I would not say "more fundamental"... I would say, equally. We can not derive one completely from the other.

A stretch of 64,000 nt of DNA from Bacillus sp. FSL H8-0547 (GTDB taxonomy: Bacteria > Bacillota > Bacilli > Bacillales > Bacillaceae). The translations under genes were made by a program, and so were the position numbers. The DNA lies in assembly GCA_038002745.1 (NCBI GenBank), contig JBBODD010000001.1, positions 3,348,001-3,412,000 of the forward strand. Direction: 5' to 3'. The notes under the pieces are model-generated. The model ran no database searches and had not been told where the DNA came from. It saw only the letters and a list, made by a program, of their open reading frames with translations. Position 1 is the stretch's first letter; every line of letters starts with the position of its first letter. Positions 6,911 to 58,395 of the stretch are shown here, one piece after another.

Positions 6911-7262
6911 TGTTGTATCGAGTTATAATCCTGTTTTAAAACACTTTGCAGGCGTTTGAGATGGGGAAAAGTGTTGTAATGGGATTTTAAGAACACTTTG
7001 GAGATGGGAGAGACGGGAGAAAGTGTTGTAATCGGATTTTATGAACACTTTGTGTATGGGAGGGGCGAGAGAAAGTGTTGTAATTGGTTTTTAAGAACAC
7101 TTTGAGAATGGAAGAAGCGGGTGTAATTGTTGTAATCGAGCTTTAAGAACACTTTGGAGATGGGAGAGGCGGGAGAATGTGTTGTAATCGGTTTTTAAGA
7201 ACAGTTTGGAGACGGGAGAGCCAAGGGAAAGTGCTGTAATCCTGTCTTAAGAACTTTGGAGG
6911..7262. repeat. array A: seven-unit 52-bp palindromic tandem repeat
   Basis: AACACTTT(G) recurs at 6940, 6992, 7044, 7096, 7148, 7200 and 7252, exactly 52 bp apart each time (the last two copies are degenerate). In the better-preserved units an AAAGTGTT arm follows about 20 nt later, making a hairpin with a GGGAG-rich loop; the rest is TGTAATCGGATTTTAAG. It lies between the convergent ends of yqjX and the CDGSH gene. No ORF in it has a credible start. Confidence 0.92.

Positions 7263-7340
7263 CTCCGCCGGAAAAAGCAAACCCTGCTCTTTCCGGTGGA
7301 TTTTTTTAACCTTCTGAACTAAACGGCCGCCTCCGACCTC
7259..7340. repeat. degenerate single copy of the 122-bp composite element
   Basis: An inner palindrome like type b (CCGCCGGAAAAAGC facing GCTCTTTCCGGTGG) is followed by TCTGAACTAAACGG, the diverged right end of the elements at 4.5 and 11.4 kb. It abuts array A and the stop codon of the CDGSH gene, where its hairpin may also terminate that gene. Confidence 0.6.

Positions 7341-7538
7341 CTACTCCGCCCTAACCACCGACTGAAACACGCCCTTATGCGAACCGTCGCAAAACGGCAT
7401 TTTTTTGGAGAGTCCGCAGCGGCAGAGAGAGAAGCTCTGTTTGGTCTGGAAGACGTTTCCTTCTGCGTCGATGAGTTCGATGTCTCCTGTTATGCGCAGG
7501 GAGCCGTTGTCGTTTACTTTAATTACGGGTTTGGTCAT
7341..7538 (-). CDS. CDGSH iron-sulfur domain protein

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On Fri, Apr 12, 2013 at 9:57 PM, Telmo Menezes <te...@telmomenezes.com>wrote: > On Fri, Apr 12, 2013 at 6:57 PM, Stephen Paul King > <kingstephenp...@gmail.com> wrote: > > Telmo Menezes wrote: > > "...My understanding is that > > > > it's consistent with the MWI and also with what Russel proposes in his > > book: everything happens but each observer only perceives one of the > > outcomes. > > > > This seems highly unintuitive to a lot of people, but it seems more > > reasonable to me than the idea that there is just one Telmo with one > > personal diary. If there are infinitely many, each one with his own > > personal diary, the world still looks exactly like it does to this > > particular instance of me, and we do not have to resort to any > > randomness magic." > > > > What people do not seem to understand is that 1st person perspectives, > for > > instance, what any one version of Telmo perceives' is constrained to be > > consistent with Telmo's existence as a perciever. Observing many points > of > > view simultaneously from a single location is very much like a list of > > propositions that are not mutually consistent. This is a failure of > > satisfiability in a Boolean algebra. > > The property of satisfiability does not just occur by magic... > > Yes, I think about that too. It leads me to the idea that logic is > more fundamental than physical laws. I would propose that each subset > of consistent perceptions is precisely what a 1p is. That's why I am > not aware of my alters, and maybe why I am not aware that I am you. > I'm counting memories as perceptions for simplification -- one could > imagine the brain as a bag of states that can be perceived, which is > perhaps a bizarre way of defining memory / personal diaries. > > Telmo. > > > > > On Fri, Apr 12, 2013 at 11:39 AM, Telmo Menezes <te...@telmomenezes.com> > > wrote: > >> > >> On Fri, Apr 12, 2013 at 5:07 PM, Richard Ruquist <yann...@gmail.com> > >> wrote: > >> > Telmo, > >> > > >> > I can only give you my opinion. > >> > >> Thanks Richard. > >> > >> > You are of course referring to the double > >> > slit experiment where one photon can follow at least two different > >> > paths, > >> > and potentially an infinite number of paths. > >> > > >> > But even diffraction of a single photon will do that: in the simplest > >> > case > >> > send a photon on to a semi-infinite metallic plane and the photon > >> > potentially scatters into an infinite number of paths from the edge of > >> > the > >> > plane. We only know which path when the photon reaches a detector > plane > >> > on > >> > the far side. The actual deterministic diffraction pattern only > emerges > >> > when > >> > the number of photons sent approaches infinity in plane waves. The > >> > actual > >> > path of a single photon is random within the constraints of the > >> > infinite-photon diffraction pattern. > >> > > >> > So I say the way to deal with that is to propagate a large number of > >> > photons > >> > or do an EM wave calculation for the diffraction pattern. > >> > >> But then we're still left without a theory that could explain the > >> behaviour of a single photon without resorting to randomness, correct? > >> > >> > I wonder how comp treats such single photon instances. Does it use > >> > algorithms that are random number generators? > >> > >> I'll leave this one for Bruno, of course. My understanding is that > >> it's consistent with the MWI and also with what Russel proposes in his > >> book: everything happens but each observer only perceives one of the > >> outcomes. > >> > >> This seems highly unintuitive to a lot of people, but it seems more > >> reasonable to me than the idea that there is just one Telmo with one > >> personal diary. If there are infinitely many, each one with his own > >> personal diary, the world still looks exactly like it does to this > >> particular instance of me, and we do not have to resort to any > >> randomness magic. > >> > >> It's tempting for me to extend this idea to everyone and not just > >> Telmos, at the risk of sounding a bit new-agey. > >> > >> I don't yet understand how an algorithm could be a random number > >> generator (non-pseudo), but I think Bruno has more to say here. > >> > >> Telmo. > >> > >> > Richard > >> > > >> > > >> > On Fri, Apr 12, 2013 at 10:35 AM, Telmo Menezes < > te...@telmomenezes.com> > >> > wrote: > >> >> > >> >> On Fri, Apr 12, 2013 at 4:24 PM, Richard Ruquist <yann...@gmail.com> > >> >> wrote: > >> >> > Mathematics itself seems rather magical. > >> >> > For instance the sum 1+2+3+4+5.....infinity = -1/12 > >> >> > > >> >> > And according to Scott Aaronson's new book > >> >> > when string theorists estimate the mass of a photon > >> >> > they get two components: one being 1/12 > >> >> > and the other being that sum, so the mass is zero, > >> >> > thanks to Ramanujan > >> >> > > >> >> > If that sum is cutoff at some very large number but less than > >> >> > infinity, > >> >> > does anyone know the value of the summation.? > >> >> > >> >> Hi Richard, > >> >> > >> >> Ok, but in that case physics is deterministic, just hard to compute. > >> >> How do we then deal with the fact that two photons under the precise > >> >> same conditions can follow two different paths (except for some > hidden > >> >> variable we don't know about)? I'm not a physicist and way over my > >> >> head here, so this is not a rhetorical question. > >> >> > >> >> > > >> >> > On Fri, Apr 12, 2013 at 10:15 AM, Telmo Menezes > >> >> > <te...@telmomenezes.com> > >> >> > wrote: > >> >> >> > >> >> >> On Fri, Apr 12, 2013 at 3:30 AM, Stathis Papaioannou > >> >> >> <stath...@gmail.com> > >> >> >> wrote: > >> >> >> > On Fri, Apr 12, 2013 at 5:35 AM, Craig Weinberg > >> >> >> > <whatsons...@gmail.com> > >> >> >> > wrote: > >> >> >> >> > >> >> >> >> > >> >> >> >> On Thursday, April 11, 2013 3:29:51 PM UTC-4, John Clark wrote: > >> >> >> >>> > >> >> >> >>> On Thu, Apr 11, 2013 Craig Weinberg <whats...@gmail.com> > wrote: > >> >> >> >>> > >> >> >> >>>> > If matter is deterministic, how could it behave in a random > >> >> >> >>>> > way? > >> >> >> >>> > >> >> >> >>> > >> >> >> >>> It couldn't. > >> >> >> >> > >> >> >> >> > >> >> >> >> Are you saying then that matter is random, or that it is > neither > >> >> >> >> random > >> >> >> >> nor > >> >> >> >> deterministic? > >> >> >> > > >> >> >> > Matter behaves randomly, but probability theory allows us to > make > >> >> >> > predictions about random events. > >> >> >> > >> >> >> In my view, randomness = magic. > >> >> >> The MWI and Comp are the only theories I've seen so far that do > not > >> >> >> require magic to explain observed randomness. > >> >> >> > >> >> >> > > >> >> >> > -- > >> >> >> > Stathis Papaioannou > >> >> >> > > >> >> >> > -- > >> >> >> > You received this message because you are subscribed to the > Google > >> >> >> > Groups "Everything List" group. > >> >> >> > To unsubscribe from this group and stop receiving emails from > it, > >> >> >> > send > >> >> >> > an email to everything-list+unsubscr...@googlegroups.com. > >> >> >> > To post to this group, send email to > >> >> >> > everything-list@googlegroups.com. > >> >> >> > Visit this group at > >> >> >> > http://groups.google.com/group/everything-list?hl=en. > >> >> >> > For more options, visit > 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